Unfortunately, women are not alone in the United States in their experiences. We also discriminate (legally!) against gays and lesbians -- they're not allowed to marry in most states, in some places they aren't allowed to adopt children, they can be (legally!) discriminated against in some places regarding jobs and schools (Virginia, I'm looking at you), and that doesn't even touch on how they're treated and viewed by certain segments (political and perhaps geographical) of the population. Trans gender people have it perhaps even worse than that, with the ridicule, shaming and violence they endure. How many anti-discrimination bills and hate crimes bills include the LGBTQ community?

And then there's race, long a problem for this country. While most laws these days are written to make clear that you can't discriminate against someone because of race or ethnicity, we are far from equal treatment and equal opportunity. The public education system is letting down countless non-white children. The justice system does the same for non-white adults. There is profiling, stereotyping, misunderstanding, overall not caring. What is the percentage of non-white people living in poverty compared to the percentage of white people? It's not pretty.

All of these problems affect women in this country. Obviously, we women are not all white and heterosexual (disclosure: I am, and those are the privileges I have). And when men in this country are discriminated against and treated unfairly, that affects women, too. Equal rights for all has to include equal treatment and equal opportunity, or we aren't going to make progress. We are a country of "equal rights" in name only, not in practice.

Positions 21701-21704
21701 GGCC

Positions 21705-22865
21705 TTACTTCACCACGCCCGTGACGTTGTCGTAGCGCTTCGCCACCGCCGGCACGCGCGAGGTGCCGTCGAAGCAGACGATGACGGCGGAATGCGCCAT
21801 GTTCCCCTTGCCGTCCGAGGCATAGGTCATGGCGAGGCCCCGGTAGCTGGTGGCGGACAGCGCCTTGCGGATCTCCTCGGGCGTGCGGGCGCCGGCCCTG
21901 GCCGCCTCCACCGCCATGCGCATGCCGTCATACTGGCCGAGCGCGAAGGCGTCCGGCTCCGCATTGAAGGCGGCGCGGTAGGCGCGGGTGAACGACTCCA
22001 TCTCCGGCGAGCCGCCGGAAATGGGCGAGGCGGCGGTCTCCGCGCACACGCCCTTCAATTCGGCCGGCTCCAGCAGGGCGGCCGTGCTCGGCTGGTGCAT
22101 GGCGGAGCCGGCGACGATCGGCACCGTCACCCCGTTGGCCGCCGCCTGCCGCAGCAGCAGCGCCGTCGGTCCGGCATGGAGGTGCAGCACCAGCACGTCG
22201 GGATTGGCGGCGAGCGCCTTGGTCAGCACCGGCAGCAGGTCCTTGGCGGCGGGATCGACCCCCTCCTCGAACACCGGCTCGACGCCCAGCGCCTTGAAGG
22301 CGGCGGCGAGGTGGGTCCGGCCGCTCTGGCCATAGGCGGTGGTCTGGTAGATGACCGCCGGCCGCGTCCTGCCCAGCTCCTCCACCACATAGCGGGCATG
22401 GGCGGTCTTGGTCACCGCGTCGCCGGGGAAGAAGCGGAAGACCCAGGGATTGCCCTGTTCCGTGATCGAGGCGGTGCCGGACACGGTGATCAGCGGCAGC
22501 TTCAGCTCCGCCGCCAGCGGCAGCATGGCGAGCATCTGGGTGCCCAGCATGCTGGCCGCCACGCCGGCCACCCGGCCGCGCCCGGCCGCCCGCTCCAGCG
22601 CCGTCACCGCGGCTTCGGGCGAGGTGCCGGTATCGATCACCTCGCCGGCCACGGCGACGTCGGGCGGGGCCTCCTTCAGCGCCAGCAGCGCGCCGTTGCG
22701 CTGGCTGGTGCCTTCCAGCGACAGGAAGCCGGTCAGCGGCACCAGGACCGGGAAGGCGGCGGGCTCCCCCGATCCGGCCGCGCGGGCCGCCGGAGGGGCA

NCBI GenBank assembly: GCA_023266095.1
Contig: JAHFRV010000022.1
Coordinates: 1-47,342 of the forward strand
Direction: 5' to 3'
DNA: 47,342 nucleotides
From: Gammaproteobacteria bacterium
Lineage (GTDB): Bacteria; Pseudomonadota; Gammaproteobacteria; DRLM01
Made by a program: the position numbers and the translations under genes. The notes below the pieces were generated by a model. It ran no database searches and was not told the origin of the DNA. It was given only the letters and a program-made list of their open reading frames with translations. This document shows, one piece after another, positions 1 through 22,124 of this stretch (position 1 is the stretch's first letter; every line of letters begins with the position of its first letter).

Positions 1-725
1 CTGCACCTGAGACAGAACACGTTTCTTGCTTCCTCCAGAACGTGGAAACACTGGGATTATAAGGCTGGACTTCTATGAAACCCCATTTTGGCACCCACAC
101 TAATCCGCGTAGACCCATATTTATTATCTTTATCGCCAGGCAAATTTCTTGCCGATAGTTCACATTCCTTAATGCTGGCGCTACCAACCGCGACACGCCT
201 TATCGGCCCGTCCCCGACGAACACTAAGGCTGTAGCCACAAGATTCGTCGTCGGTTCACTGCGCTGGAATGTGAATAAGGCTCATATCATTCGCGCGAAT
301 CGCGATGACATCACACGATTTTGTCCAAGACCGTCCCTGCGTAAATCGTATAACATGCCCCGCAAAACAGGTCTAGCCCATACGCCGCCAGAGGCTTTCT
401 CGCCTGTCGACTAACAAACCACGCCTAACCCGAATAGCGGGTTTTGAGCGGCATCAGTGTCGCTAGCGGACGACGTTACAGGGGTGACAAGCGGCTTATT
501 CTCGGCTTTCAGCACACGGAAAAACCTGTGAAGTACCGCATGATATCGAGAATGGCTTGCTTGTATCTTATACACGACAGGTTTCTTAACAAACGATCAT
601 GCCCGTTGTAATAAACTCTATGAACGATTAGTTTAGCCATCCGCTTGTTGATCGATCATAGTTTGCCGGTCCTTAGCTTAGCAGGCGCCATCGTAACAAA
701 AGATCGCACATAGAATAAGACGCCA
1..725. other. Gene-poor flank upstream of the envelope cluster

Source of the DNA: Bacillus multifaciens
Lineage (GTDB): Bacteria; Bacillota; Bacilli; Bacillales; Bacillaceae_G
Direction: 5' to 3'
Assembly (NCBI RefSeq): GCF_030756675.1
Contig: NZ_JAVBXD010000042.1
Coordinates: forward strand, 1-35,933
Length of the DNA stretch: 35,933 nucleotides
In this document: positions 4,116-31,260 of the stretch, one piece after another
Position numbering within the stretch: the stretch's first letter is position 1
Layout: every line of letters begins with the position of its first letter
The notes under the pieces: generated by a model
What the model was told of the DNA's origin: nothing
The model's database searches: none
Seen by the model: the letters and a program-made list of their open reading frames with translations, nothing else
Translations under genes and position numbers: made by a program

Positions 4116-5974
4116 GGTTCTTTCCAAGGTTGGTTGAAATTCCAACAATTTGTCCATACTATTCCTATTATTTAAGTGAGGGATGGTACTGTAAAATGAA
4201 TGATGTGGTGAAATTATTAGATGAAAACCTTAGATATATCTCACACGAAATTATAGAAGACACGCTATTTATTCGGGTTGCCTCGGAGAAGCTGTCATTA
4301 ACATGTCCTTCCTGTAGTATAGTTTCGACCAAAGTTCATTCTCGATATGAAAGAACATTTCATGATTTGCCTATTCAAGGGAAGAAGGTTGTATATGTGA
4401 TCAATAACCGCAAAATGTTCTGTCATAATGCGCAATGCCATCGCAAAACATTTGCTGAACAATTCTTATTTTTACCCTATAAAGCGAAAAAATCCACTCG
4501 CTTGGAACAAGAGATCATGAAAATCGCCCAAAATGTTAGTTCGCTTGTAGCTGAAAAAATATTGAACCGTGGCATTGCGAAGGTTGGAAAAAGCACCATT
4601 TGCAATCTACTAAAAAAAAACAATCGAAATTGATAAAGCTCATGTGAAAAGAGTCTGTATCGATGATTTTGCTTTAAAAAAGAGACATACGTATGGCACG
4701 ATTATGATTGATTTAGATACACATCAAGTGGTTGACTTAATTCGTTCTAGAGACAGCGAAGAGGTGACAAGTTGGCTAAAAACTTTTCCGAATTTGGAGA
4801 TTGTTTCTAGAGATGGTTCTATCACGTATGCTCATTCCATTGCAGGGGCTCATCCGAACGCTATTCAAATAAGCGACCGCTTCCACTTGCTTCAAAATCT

Of course, some of these problems in the United States seem minor when compared to other parts of the world, where women are second class in the eyes of the law. They can't go out in public without a male chaperon. They can't vote. They can't choose who they marry. They can be charged with a crime if they are raped. They are killed in the name of "honor." They don't have access to education, or health care. They can't have abortions. They are bought and sold. I'm in no way trying to ignore any of that on International Women's Day. My point in discussing the United States' "equal rights" is to show that even a country who claims to have them, doesn't. But worldwide, progress is being made, even if it is sometimes in the smallest of ways. Maybe some day there won't be a need for International Women's Day (or Women's History Month, for that matter). Let's hope so.

3 comments:

Jenna McWilliams said...

Thanks for this post. I especially love your point that even if laws protecting rights are in place, it's not equality if the laws aren't followed.

You write that in the U.S., equality is assumed--I'd argue that this isn't fully the case. You only have to take a look at the conversation over gay rights for proof. Members of the LGBT community are not "granted" their right to marry; they're not "granted" a right to have children, to be protected from workplace discrimination.

But thank goodness there are people who are willing to challenge our culture on issues like this.

Feminist Review said...

A current event to add to the list of things to celebrate today: An Oscar Win for International Women’s Day! Pretty nice timing, no?

RosieRed23 said...

Jenna, thanks for your comment. I fully understand what you mean about the gay community, and I think I addressed some of that in the post. What I mean when I said equality is "assumed," was in the general sense -- that it's not until you look beneath the surface that you see it's a facade. Hope that makes more sense!

And Feminist Review, definitely great timing!